The year 2002, gaming technology made a tremendous leap from what it was in 1996, and Mikami realized that this is the perfect time to remake the original game - the way he intended it to be in the first place and thus, Resident Evil Remake was born. RE Remake still retained the essence of the original game. The storyline remained the same with the addition of the Trevor family story, which gave us Lisa, the daughter of George Trevor, who is the mansion's architect and became one of Umbrella's test subjects. After years of experimentation, Lisa transformed into the indestructible horrifying monster that would stalk players in the remake. Moreover, Crimson Heads were also introduced, which were mainly zombies on steroids if the player failed to decapitate its head or burn its body after killing them for the first time.
The remake also made drastic improvements with the game's visuals, and thanks to the remaster, it still holds up until today. In my opinion, Resident Evil Remake is the pinnacle of the classic Resident Evil formula. The game was able to update its technical components while retaining the mechanics that made it successful in the first place. However, due to the weak sales of the game, Capcom realized that the classic formula is no longer working and decided to shake things up a bit, which resulted to the critically-acclaimed Resident Evil 4, but hey, that's a story for another day.
Out of all the games in the Resident Evil franchise, I still find myself drawn towards the original game and the remake. There is just something about the concept of a mansion in the middle of the forest that gets to me. I remember the first time I entered the mansion and encountered zombies, I was so confused and wondered what happened to the family that lived there and how the monsters came to be. Of course, after playing the game, I discovered the real cause of the outbreak and realized that this is just the beginning of the fight against bio-organic weapons.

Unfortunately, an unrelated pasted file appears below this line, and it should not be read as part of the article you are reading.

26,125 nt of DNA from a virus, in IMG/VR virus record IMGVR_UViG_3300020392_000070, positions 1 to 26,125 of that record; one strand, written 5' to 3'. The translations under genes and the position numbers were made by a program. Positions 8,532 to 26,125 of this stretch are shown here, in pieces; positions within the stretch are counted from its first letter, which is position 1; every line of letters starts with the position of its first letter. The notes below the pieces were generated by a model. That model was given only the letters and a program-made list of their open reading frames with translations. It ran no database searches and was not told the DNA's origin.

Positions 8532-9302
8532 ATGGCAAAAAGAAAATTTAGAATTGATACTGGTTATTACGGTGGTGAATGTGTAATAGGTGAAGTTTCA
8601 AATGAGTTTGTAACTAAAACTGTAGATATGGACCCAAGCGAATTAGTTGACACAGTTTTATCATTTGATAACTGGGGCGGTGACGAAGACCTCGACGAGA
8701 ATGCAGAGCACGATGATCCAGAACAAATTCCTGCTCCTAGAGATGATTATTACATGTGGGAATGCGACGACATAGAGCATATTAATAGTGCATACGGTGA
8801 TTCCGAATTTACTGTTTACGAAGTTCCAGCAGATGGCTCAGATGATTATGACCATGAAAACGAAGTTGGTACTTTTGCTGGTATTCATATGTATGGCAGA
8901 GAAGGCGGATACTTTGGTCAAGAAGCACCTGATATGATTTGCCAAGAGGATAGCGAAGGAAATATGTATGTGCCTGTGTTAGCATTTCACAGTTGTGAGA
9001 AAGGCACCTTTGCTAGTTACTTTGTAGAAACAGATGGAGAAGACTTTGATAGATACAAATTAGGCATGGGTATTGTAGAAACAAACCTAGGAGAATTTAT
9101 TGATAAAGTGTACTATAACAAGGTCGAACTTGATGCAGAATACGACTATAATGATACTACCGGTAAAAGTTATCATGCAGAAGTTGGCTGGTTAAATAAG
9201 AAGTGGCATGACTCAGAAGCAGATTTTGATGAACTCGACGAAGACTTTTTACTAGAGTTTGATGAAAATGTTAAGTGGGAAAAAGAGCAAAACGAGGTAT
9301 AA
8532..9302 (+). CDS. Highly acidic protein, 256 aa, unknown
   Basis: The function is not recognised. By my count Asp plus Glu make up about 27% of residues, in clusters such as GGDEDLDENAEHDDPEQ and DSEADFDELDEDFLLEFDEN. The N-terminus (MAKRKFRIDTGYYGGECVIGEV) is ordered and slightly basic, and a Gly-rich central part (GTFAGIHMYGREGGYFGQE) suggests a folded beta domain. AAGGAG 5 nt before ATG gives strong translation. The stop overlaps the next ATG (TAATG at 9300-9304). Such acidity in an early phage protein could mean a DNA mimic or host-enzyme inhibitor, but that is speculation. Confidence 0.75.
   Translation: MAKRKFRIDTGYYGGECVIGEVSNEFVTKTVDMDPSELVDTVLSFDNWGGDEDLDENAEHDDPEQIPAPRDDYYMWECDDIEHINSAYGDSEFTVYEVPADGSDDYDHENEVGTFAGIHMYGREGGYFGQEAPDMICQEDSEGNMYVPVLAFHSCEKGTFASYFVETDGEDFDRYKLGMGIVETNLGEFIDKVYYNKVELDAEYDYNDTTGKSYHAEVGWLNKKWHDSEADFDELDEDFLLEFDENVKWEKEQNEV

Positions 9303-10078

It's been twenty-two years since the release of the original Resident Evil, and the franchise is still able to remain relevant in a highly competitive industry. That's not to say that the series didn't have its up and downs since, for the longest time, it suffered an identity crisis as Capcom wasn't sure whether it wants the franchise to retain its horror roots, or to evolve into the trendier fast-paced action game that was reflected in, the newer titles.
The release of Resident Evil 7 may have steered the game in the right direction, although it was still controversial because the game is played in first-person. Right now, we don't know what Capcom has in store for Resident Evil in the future. However, that doesn't matter right now as the fandom is focused on the upcoming remake of Resident Evil 2, which will launch on January 29, 2019, and based on what was released so far, I think this game will be an absolute success.
What was your fondest memory of Resident Evil? Share your thoughts in the comments below.